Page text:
NATO member Poland is ready to sell arms to Ukraine if there is demand, Polish Defense Minister Tomasz Siemoniak said Monday. “I confirm that the Polish defense industry is interested in this direction,” Siemoniak told private radio station Zet. “There are several products that may be interesting for Ukraine.” “If only there is a will and a readiness to purchase any elements of armaments in Poland, then Polish factories dream of nothing else but exports,” he also said. NATO officials have said the alliance will not send weapons to Ukraine, which is not a member state, but they have also said individual allies may choose to do so. Russia is fiercely opposed to closer ties between Ukraine and the NATO alliance. The Ukrainian military accused separatists and Russian troops on Sunday of continuing to shoot at government forces despite a Sept. 5 ceasefire. The rebels have blamed Kiev’s forces for the outbreaks of fighting (Source: The Moscow Times).
Berlin’s decision, backed in parliament early this month to help arm and equip Kurdish fighters in northern Iraq to help them fight off IS advances would not be expanded, Steinmeier told German public broadcaster ARD late on Sunday. He said the international alliance, including the US, France, Britain and Italy, formed to fight the IS and its brutalities, foresaw a division of work. “We have taken our part .. of the responsibility,” Steinmeier (pictured) said, adding that Germany was not under pressure to join the US and French airstrike operations. “No, the coalition doesn’t work that way, ” he told ARD’s weekly broadcast “Report from Berlin.” On September 1, Germany broke with its rule of not exporting weapons into war zones by deciding to send the Kurdish force anti-tank missiles, assault rifles as well as items such as tents and helmets, in a three-stage delivery from German Bundeswehr stocks. It also decided to send 40 soldiers to train the Kurdish fighters. Most parliamentary members of Chancellor Angela Merkel’s conservative Christian Democrat-led coalition backed her cabinet’s decision to send arms during a non-binding Bundestag assembly vote. Merkel said Germany should help stop the “further spread of mass killings” by IS jihadists, who she said had committed “unbelievable atrocities” against ethnic communities. “We have a chance to prevent terrorists from creating another safe haven for themselves. We must take this chance,” Merkel said. The delivery was opposed by some Social Democrat members of Merkel’s broad coalition and rejected by the opposition Left party and a majority of the opposition Greens (Source: Deutsche Welle).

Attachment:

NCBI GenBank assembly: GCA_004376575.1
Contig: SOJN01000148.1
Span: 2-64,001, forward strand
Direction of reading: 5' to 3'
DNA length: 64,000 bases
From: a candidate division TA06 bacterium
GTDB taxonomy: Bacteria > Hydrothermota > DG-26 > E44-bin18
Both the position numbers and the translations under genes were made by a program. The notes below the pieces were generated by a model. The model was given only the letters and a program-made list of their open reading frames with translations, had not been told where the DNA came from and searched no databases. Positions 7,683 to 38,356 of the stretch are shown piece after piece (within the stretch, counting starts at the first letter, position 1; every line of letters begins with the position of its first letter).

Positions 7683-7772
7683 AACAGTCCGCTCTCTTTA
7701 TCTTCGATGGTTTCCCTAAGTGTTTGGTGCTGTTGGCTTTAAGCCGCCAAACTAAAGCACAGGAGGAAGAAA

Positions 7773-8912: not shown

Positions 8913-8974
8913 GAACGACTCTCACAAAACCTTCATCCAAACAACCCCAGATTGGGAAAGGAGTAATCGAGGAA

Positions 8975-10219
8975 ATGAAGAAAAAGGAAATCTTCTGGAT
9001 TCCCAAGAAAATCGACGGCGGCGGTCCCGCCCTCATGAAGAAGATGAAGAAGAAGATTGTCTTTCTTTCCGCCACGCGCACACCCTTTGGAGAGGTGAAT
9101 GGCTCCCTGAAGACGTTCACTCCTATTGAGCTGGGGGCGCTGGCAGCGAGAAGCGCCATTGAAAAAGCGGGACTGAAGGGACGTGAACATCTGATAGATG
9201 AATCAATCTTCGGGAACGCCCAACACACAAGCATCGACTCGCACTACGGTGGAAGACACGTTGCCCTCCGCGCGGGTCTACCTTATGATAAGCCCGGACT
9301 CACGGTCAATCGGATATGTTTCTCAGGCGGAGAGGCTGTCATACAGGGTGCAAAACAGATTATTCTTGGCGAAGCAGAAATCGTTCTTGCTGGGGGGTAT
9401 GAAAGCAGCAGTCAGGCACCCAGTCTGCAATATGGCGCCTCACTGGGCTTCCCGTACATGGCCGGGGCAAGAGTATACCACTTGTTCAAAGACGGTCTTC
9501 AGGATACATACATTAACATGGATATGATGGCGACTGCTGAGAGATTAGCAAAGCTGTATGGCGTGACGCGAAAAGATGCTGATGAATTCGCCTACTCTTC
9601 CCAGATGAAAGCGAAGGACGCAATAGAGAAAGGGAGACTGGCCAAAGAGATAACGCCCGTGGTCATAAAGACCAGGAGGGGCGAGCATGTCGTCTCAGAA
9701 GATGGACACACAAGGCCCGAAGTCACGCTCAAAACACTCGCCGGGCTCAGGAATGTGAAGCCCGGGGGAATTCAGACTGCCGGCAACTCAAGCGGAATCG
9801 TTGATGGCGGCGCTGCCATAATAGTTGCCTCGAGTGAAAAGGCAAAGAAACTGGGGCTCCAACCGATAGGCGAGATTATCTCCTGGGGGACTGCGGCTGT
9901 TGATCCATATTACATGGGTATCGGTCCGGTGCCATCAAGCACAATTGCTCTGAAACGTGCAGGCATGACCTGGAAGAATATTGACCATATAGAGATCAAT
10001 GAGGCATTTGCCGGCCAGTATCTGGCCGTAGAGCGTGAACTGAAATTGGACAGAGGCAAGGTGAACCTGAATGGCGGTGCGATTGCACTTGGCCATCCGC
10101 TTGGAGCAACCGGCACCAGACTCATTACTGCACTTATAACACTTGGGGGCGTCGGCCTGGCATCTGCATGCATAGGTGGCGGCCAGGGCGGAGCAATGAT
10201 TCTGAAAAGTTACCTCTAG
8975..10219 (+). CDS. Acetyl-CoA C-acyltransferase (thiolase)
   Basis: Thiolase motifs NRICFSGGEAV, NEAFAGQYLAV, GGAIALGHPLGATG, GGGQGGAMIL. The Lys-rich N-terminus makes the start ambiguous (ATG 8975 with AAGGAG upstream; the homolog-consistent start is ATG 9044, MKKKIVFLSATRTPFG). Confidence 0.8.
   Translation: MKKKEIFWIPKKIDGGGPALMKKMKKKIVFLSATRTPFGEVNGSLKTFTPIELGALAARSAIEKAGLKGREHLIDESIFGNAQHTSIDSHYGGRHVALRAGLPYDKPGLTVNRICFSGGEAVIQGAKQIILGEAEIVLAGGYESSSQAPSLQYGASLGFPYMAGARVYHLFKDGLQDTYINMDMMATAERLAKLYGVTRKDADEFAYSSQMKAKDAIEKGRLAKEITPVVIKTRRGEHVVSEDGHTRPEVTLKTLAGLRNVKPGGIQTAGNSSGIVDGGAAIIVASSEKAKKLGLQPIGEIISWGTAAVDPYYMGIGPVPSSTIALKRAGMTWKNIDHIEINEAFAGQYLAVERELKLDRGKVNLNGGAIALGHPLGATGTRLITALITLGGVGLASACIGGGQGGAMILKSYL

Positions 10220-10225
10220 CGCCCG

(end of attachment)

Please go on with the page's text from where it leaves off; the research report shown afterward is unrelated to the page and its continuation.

Turkey has begun to close some of its border crossings with Syria after about 100,000 Kurdish refugees entered the country over the past two days. On Sunday Turkish security forces clashed with Kurds protesting in solidarity with the refugees. Some protesters were reportedly trying to go to Syria to fight Islamic State (IS). Most refugees are from Kobane, a town threatened by the advancing militants. IS has taken over large swathes of Iraq and Syria in recent months. Before the latest influx, there were already more than one million Syrian refugees in Turkey. They have fled since the start of the uprising against Syrian President Bashar al-Assad three years ago. Some of the new arrivals are being sheltered in overcrowded schools, as Turkey struggles to cope with the influx. On Friday Turkey opened a 30km (19-mile) section of the border to Syrians fleeing the town of Kobane, also known as Ayn al-Arab. But on Monday only two out of nine border posts in the area remained open, the UN refugee agency UNHCR said. Clashes broke out on Sunday after a demonstration by Kurds on the Turkish side of the border. Some protesters threw stones at security forces, who responded with tear gas and water cannon. There were no reports of serious injuries. Turkish security forces were trying to stop Kurdish fighters from entering Syria to take part in the defence of Kobane, says the BBC’s Mark Lowen at the scene. The Kurdistan Workers’ Party (PKK), a banned militant group that fought a civil war for autonomy within Turkey for decades, has called on Kurds to join the fight against IS (Source: BBC).
Turkey’s President Recep Tayyip Erdogan said Sunday that the release of 49 hostages held by Islamic State had removed the main obstacle to joining a U.S.-led coalition against the extremist group, spurring hopes that Ankara would take a more robust role. Asked if Turkey might now commit more strongly to the coalition, Mr. Erdogan gave no direct reply but said he and the government would evaluate the issue on his return from the United Nations General Assembly, which convenes this week. “We said we could only give logistical support and humanitarian assistance within this framework. The issue about the next process is a different matter,” he said. “It’s time to determine our stance.” News of the hostage release prompted an outpouring of public celebration in Turkey. It also raised questions over why the militant group relinquished such a big bargaining chip without a shot being fired or ransom being paid. Mr. Erdogan declined to provide many details on the hostages’ release, other than to say that Turkey hadn’t paid a ransom. “There are things we cannot talk about…We have to protect sensitive issues. If you don’t, there would be a price to pay,” he told a gathering of some of the hostages and their families. The 101-day hostage crisis had left Turkey, a member of the North Atlantic Treaty Organization and a key U.S. ally in the Middle East, constrained in its response to the Sunni insurgents, who have carved out a self-proclaimed caliphate in parts of eastern Syria and western Iraq, just over the Turkish border (Source: The Wall Street Journal).